A Death in Concord
Connie Mcfadden Tonsgard has been a finalist in nearly twenty screenplay contests, including those sponsored by the Screenplay Festival and StoryPros. Her new screenplay, A Death in Concord, has the pace, energy, and twists and turns of a James Patterson novel. Its characters, dialogue, story, and minimal directorial instructions would translate well from script to screen as a suspense film—tinged with chick-flick elements—that aims for the thirty- to forty-year-old demographic.
The opening scene features, Dan Marsh, a pompous, high-powered lawyer on trial for murder. The prosecuting attorney describes the case against Marsh, telling the jury, “you will hear about love, greed and the ultimate betrayal.” The screenplay then jumps back in time six months, where Rose, Dan’s wife, is preparing for a party at their luxurious home. Readers learn that Dan plans to adopt Rose’s biological teenage daughter, Tigerlily. Estranged and lonely, Rose thinks that Dan is neglectful as a father and husband and suspects him of having an affair.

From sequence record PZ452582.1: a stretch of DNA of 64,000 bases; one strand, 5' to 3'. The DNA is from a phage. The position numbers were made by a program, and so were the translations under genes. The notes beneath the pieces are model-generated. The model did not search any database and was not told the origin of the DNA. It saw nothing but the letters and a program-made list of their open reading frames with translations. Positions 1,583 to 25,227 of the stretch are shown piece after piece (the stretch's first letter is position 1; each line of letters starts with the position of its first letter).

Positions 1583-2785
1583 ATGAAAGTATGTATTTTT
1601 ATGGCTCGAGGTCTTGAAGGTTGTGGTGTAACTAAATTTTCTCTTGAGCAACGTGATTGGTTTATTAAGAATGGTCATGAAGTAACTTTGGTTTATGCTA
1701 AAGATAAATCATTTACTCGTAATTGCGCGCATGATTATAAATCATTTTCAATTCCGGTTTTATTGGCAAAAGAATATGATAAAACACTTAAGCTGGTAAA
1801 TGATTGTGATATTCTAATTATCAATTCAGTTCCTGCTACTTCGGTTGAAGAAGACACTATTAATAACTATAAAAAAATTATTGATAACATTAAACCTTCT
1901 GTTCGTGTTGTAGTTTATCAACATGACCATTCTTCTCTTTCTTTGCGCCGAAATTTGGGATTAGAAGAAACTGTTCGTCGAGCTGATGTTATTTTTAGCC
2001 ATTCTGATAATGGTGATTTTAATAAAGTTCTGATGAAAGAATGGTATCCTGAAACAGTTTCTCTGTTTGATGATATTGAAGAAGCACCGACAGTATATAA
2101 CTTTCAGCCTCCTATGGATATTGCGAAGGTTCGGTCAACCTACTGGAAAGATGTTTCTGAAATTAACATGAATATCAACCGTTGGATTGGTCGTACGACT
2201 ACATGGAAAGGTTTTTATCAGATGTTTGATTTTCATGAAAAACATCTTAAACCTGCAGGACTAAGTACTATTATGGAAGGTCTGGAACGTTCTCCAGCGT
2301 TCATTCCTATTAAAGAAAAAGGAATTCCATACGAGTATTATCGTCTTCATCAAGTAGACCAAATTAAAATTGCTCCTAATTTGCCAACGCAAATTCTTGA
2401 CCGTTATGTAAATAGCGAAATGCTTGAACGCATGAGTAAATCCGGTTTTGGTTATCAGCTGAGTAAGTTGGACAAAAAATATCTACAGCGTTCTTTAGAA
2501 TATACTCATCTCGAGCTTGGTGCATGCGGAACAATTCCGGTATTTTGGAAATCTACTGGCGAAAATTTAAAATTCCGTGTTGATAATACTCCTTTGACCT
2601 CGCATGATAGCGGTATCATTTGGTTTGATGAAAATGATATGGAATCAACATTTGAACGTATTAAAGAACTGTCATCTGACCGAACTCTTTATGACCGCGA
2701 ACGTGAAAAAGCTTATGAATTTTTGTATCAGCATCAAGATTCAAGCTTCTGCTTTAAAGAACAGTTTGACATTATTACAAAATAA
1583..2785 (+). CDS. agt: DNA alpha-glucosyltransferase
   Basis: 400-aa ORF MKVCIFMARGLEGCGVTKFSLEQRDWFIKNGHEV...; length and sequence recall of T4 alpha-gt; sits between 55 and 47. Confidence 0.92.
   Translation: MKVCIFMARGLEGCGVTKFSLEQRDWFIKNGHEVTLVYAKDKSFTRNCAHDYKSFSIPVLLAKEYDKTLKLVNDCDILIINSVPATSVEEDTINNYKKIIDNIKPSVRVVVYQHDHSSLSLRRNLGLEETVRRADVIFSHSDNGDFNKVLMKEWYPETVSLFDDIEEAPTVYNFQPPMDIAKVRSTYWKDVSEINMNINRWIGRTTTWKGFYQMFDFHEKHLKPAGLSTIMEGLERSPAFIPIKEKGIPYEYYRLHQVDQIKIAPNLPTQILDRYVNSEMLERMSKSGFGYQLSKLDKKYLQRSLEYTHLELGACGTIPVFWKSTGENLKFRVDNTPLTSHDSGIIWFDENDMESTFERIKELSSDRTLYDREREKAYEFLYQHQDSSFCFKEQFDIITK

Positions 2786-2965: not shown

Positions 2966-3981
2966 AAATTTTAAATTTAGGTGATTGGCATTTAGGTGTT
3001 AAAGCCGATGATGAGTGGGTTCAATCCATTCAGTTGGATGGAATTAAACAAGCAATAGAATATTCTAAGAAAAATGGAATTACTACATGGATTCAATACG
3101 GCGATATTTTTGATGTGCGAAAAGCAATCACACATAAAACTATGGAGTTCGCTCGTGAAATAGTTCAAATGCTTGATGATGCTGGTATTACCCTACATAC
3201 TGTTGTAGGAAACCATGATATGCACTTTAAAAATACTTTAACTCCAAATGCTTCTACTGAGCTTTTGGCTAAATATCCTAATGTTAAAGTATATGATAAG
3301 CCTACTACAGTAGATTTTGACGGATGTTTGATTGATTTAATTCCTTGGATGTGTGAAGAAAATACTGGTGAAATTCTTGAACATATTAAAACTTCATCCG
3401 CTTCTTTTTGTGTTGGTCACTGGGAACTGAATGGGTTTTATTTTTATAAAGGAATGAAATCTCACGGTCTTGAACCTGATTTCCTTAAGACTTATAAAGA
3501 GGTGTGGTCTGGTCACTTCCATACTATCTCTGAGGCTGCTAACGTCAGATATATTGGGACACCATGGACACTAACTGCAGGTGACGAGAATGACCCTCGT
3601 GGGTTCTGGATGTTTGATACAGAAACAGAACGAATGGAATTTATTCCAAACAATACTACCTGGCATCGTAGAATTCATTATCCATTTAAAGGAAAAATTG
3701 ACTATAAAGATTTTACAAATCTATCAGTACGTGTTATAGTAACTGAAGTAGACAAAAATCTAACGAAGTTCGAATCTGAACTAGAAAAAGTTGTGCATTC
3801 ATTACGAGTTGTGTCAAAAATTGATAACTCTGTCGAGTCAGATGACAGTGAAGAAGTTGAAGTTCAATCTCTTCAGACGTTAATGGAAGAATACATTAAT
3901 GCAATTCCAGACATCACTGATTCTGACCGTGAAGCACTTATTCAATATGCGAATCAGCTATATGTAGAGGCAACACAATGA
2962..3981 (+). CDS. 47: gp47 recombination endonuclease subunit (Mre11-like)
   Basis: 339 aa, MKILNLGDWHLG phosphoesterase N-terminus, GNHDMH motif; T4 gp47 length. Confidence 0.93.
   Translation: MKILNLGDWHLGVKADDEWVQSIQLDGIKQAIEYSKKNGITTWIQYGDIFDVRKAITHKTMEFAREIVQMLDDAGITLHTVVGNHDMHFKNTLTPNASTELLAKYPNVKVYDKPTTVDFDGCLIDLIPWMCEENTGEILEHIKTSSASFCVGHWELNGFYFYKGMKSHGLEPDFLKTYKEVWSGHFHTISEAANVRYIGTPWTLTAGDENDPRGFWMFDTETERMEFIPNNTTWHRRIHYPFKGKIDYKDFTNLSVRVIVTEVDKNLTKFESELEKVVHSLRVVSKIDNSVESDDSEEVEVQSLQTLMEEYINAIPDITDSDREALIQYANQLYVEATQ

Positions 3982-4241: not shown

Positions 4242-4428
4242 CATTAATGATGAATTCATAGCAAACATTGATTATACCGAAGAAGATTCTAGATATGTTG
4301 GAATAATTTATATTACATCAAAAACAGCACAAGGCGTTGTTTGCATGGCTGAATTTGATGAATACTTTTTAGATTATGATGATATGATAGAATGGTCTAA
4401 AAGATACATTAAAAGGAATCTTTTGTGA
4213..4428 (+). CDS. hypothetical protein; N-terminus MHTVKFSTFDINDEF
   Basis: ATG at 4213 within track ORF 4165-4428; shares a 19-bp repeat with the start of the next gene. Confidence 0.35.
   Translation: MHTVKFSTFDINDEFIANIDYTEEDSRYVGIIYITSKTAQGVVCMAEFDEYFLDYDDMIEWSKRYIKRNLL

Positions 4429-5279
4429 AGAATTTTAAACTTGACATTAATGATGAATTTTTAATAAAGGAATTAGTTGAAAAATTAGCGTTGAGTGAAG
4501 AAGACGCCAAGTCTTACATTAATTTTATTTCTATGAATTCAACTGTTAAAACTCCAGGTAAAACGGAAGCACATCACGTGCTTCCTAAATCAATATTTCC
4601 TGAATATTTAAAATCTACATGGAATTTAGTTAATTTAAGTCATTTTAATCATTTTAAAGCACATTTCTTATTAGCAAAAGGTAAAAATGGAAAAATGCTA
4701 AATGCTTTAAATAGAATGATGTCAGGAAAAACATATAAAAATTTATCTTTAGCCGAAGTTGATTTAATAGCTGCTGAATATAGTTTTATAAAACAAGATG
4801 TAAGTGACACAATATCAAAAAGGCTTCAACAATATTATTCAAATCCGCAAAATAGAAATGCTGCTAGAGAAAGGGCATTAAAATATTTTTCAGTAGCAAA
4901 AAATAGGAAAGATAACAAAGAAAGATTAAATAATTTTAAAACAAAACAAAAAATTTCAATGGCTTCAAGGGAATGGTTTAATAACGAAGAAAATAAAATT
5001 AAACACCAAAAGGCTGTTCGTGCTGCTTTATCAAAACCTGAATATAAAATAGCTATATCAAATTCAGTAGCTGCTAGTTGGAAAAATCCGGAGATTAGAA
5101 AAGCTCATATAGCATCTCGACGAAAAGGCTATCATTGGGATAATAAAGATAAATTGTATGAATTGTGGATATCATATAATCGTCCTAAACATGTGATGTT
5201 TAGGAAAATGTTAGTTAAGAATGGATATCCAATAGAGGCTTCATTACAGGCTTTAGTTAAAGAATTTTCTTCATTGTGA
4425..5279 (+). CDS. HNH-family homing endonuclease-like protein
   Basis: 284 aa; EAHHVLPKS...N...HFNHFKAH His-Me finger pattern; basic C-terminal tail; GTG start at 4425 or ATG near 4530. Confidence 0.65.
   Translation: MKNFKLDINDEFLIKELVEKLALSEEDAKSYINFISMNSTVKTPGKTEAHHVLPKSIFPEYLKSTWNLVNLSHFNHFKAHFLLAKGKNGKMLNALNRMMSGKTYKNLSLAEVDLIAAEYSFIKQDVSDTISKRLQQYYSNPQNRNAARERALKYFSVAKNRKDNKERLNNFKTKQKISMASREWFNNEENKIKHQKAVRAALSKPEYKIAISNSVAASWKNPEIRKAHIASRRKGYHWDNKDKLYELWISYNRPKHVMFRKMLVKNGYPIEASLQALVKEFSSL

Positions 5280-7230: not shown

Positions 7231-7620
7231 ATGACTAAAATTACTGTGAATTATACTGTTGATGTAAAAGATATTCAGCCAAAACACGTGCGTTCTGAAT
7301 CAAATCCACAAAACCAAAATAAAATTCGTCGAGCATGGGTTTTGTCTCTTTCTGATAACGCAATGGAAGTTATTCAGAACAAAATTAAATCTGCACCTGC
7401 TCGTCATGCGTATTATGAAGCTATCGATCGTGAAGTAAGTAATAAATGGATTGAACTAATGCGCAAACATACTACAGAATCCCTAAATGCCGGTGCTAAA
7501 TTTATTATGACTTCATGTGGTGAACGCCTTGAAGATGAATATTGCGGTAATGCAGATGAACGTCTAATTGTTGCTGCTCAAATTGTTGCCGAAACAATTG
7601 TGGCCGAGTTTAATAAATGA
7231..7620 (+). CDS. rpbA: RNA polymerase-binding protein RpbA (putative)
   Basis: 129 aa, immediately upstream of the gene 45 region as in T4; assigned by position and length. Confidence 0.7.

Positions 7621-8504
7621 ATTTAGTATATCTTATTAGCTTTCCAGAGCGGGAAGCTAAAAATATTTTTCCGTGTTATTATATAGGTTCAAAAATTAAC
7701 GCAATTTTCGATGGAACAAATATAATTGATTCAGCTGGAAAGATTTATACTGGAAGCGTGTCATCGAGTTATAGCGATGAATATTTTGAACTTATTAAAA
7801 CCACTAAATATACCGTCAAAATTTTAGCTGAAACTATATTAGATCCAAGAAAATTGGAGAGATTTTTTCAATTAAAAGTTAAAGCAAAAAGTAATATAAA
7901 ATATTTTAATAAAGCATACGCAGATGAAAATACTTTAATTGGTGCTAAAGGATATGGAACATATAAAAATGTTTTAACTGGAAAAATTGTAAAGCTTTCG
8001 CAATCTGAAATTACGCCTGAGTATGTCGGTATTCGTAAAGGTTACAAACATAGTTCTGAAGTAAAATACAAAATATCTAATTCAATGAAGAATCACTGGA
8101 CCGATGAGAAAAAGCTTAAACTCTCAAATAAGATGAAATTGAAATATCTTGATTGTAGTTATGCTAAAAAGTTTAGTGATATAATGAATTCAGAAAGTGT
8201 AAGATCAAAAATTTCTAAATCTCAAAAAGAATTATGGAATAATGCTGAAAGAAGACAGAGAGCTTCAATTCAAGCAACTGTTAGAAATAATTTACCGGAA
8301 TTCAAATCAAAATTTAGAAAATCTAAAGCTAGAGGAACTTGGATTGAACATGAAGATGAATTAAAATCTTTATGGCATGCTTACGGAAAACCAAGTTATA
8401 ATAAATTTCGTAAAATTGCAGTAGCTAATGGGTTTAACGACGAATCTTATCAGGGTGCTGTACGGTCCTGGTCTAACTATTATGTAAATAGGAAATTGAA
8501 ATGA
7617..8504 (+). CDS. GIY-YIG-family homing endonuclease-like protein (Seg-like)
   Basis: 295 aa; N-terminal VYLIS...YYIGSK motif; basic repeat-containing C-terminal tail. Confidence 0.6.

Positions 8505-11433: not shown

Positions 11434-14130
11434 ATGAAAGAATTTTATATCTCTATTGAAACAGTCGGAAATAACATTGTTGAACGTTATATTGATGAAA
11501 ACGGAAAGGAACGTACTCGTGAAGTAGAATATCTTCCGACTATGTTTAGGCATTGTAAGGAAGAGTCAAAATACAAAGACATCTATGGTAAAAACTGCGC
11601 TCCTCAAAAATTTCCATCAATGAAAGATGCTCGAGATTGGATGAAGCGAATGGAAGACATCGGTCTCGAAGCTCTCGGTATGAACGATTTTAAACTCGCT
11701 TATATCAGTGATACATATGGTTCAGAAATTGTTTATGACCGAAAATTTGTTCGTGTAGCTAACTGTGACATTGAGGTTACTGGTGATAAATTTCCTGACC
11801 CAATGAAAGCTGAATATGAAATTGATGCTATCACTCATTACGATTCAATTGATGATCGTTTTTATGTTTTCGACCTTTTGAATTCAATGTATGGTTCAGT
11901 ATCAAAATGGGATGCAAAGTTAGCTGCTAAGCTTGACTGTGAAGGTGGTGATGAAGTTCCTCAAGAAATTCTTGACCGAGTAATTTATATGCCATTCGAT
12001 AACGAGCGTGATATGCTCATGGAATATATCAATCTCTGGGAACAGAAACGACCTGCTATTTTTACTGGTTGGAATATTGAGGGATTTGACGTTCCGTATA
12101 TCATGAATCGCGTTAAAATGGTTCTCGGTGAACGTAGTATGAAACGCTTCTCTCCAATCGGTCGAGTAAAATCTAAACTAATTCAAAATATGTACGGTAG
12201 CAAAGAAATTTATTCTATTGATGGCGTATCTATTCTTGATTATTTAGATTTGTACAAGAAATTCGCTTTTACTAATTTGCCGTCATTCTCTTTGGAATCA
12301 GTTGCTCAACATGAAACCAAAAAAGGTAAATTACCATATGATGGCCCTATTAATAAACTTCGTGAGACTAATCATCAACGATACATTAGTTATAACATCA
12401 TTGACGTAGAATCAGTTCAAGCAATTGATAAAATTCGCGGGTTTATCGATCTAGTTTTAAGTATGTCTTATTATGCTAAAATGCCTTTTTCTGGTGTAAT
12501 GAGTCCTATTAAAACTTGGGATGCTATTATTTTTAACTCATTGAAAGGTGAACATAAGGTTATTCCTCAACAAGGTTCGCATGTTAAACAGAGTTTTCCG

Rose uncovers a nefarious plot against her when she discovers the truth about Tigerlily’s death in what seemed like a bicycle accident. The dynamics among characters are not quite what they seem. Rose battles a hired killer in a cat-and-mouse scene as intense and realistic as some moments in Sam Peckinpah’s movie Straw Dogs. Dialogue is crisp and natural, with information disclosed through actions rather than clumsy exposition. Tonsgard dives right into the guts of a scene, avoiding the amateurish mistake of revealing too much too quickly.
Adroit writing creates layers of mystery between lines of script and camera shots—like a play in which important events occur offstage in the audience’s imagination and along the fringes of their collective unconscious. Beginning with moonlight glistening off the Atlantic Ocean, Tonsgard writes, “A form breaks the waves. WOOSH of breath and mist from the blow hole of a marine mammal.” An exterior night shot with the ocean spraying up against rocks next to a lighthouse on Cape Cod is written vividly. The description of the final introductory scenes containing fog or mist, evoke an underlying mood of fear and dread.
Tonsgard has both a writer’s and a director’s eye. A Death in Concord confirms that love, murder, and greed—the best and worst of human nature—permeate all layers of society.